The book is organized as follows: An introductory part with two chapters is followed by a part with several chapters addressing specific points of critique of DSI's proposals. Part III describes and assesses qualitative tools and approaches. Parts IV and V deal with bridging qualitative and quantitative research methods, in accordance with the book's subtitle Diverse Tools, Shared Standards. Finally, the book contains a chapter on the 2000 US presidential elections, which serves as an example of how to apply the different approaches described in the book. A very comprehensive glossary of key methodological terms concludes the book. [5]

After an overview in chapter 1, COLLIER, SEAWRIGHT and MUNCK provide a detailed description of DSI's main assertions on how to conduct research. They describe the aspects of theory formulation, case selection, descriptive and causal inference and the drawing of valid conclusions. At the end of the chapter, they provide 35 rules or guidelines which attempt to summarize DSI's recommendations. For example, researchers should limit the number of variables but increase the number of cases; they should avoid biases by selecting on the dependent variable; they should not choose sets of cases where either the dependent or the independent variable is constant; and they should estimate measurement errors. This chapter is valuable for those readers who did not read DSI, to give them an idea of the book's standpoints, but it is also an excellent synopsis of the fundamentals of quantitative research. [6]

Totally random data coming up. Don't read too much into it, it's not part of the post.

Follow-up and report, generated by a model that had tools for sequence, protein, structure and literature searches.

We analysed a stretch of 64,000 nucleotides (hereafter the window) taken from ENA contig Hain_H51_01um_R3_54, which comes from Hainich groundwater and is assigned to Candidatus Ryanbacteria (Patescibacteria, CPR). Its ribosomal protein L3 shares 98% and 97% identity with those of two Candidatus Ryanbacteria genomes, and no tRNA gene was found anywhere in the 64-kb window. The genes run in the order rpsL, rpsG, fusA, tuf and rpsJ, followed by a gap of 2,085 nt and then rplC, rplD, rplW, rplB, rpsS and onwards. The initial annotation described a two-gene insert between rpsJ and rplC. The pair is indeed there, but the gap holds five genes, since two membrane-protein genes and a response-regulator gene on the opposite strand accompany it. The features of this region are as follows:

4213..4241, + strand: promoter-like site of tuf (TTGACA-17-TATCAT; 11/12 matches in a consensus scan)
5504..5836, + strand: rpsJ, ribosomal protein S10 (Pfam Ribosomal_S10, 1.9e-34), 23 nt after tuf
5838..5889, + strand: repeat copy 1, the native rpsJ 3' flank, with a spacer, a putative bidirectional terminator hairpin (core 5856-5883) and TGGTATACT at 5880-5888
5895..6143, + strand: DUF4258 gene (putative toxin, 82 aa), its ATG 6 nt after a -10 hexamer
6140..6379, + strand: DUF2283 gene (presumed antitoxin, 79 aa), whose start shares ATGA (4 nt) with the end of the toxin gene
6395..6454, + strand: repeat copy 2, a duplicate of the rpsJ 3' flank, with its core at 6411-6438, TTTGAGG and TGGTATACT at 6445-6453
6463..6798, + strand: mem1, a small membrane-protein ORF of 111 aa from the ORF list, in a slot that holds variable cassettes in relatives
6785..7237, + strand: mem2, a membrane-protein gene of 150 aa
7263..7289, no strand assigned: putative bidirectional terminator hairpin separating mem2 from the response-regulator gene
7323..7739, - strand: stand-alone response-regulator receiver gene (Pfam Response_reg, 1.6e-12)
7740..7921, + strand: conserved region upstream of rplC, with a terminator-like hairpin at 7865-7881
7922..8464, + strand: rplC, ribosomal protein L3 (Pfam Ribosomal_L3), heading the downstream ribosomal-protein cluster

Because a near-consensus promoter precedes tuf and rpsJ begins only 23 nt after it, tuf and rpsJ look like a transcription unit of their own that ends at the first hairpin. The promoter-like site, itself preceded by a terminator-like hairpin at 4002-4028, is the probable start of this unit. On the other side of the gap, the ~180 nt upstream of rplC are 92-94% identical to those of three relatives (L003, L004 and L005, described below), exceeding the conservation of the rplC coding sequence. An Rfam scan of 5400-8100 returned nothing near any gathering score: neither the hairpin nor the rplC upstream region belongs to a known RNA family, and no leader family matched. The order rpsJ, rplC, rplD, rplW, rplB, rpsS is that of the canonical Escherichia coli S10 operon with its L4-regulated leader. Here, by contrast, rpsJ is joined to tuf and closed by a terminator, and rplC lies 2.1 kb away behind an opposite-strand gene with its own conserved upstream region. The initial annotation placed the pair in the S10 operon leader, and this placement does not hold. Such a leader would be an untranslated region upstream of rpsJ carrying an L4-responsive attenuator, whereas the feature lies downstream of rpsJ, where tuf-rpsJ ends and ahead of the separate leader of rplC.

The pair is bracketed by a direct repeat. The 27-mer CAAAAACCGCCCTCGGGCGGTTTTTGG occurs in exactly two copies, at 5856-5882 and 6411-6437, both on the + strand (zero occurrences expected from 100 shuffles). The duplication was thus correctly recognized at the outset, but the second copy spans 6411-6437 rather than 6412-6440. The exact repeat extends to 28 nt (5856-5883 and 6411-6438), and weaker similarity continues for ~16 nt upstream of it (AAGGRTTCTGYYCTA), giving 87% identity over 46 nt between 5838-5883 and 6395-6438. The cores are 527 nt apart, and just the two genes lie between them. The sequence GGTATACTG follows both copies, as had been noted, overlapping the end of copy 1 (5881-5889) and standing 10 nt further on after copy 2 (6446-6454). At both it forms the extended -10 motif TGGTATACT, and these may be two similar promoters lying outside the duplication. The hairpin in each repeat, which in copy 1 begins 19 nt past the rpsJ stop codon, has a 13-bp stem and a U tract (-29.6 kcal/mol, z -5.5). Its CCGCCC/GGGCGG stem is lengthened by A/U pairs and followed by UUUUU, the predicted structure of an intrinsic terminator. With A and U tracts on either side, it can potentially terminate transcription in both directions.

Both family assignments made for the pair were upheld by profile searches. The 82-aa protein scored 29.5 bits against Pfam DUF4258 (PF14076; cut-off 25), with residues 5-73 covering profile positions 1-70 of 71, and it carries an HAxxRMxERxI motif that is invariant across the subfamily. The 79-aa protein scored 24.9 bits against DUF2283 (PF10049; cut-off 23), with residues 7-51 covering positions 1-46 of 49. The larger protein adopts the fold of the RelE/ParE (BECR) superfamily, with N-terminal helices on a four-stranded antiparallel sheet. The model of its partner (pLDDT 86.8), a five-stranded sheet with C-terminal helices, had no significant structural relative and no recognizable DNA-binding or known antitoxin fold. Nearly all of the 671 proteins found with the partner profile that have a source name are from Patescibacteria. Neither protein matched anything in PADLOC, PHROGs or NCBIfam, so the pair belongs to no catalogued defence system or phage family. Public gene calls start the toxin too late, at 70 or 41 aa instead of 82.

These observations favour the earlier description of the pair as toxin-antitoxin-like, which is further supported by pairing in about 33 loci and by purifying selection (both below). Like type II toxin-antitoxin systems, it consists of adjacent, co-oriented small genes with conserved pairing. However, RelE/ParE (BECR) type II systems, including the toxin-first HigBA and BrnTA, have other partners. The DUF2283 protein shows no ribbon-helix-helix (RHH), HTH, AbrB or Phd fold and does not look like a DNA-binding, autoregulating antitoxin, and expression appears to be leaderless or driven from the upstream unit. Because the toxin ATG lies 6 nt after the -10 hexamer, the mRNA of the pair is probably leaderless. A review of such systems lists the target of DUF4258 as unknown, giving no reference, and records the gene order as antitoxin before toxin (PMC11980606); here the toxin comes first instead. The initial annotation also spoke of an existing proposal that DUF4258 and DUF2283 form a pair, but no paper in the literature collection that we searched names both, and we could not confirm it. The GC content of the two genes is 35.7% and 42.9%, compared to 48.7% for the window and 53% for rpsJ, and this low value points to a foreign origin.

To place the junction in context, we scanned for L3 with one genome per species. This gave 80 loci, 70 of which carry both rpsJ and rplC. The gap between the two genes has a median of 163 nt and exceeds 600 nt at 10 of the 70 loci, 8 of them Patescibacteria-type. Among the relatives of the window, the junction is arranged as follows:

The next four chapters address specific points of DSI. BRADY—a quantitative researcher himself—criticizes deficiencies in the aspects of concept formation and measurement, two areas he rightly considers crucial in any research endeavor and which often pose the biggest problems in political science, especially when dealing with abstract concepts such as democracy. How do we define it and, second, how do we measure it? BARTELS detects "unfulfilled promises of quantitative imperialism," meaning that much advice given by quantitative researchers is inappropriate for qualitative research and may also be problematic in quantitative research itself. ROGOWSKI deals with the problem of biased case selection, frequently seen as paramount by quantitative researchers. He claims that the analysis of abnormal or deviant cases can shed light on underlying causations and both help to establish new theories and to refute existing ones. COLLIER, MAHONEY and SEAWRIGHT also deal with selection bias. They argue that while selecting cases with extreme values on the dependent variable does in fact seriously distort regression analysis, this is much less the case in qualitative research, especially when dealing with within-case analysis. [7]

The next four chapters describe how qualitative researchers normally proceed in their work. MUNCK addresses how to define the universe of cases and how to select appropriate cases from this universe, how to measure data, and how to draw causal conclusions from them. Finally he discusses a distinctive feature of qualitative research which is often falsely criticized by quantitative researchers: the refinement of initial hypotheses during the analysis through iteration, which means that the theory is adapted after looking at the data and then tested against the same data. [8]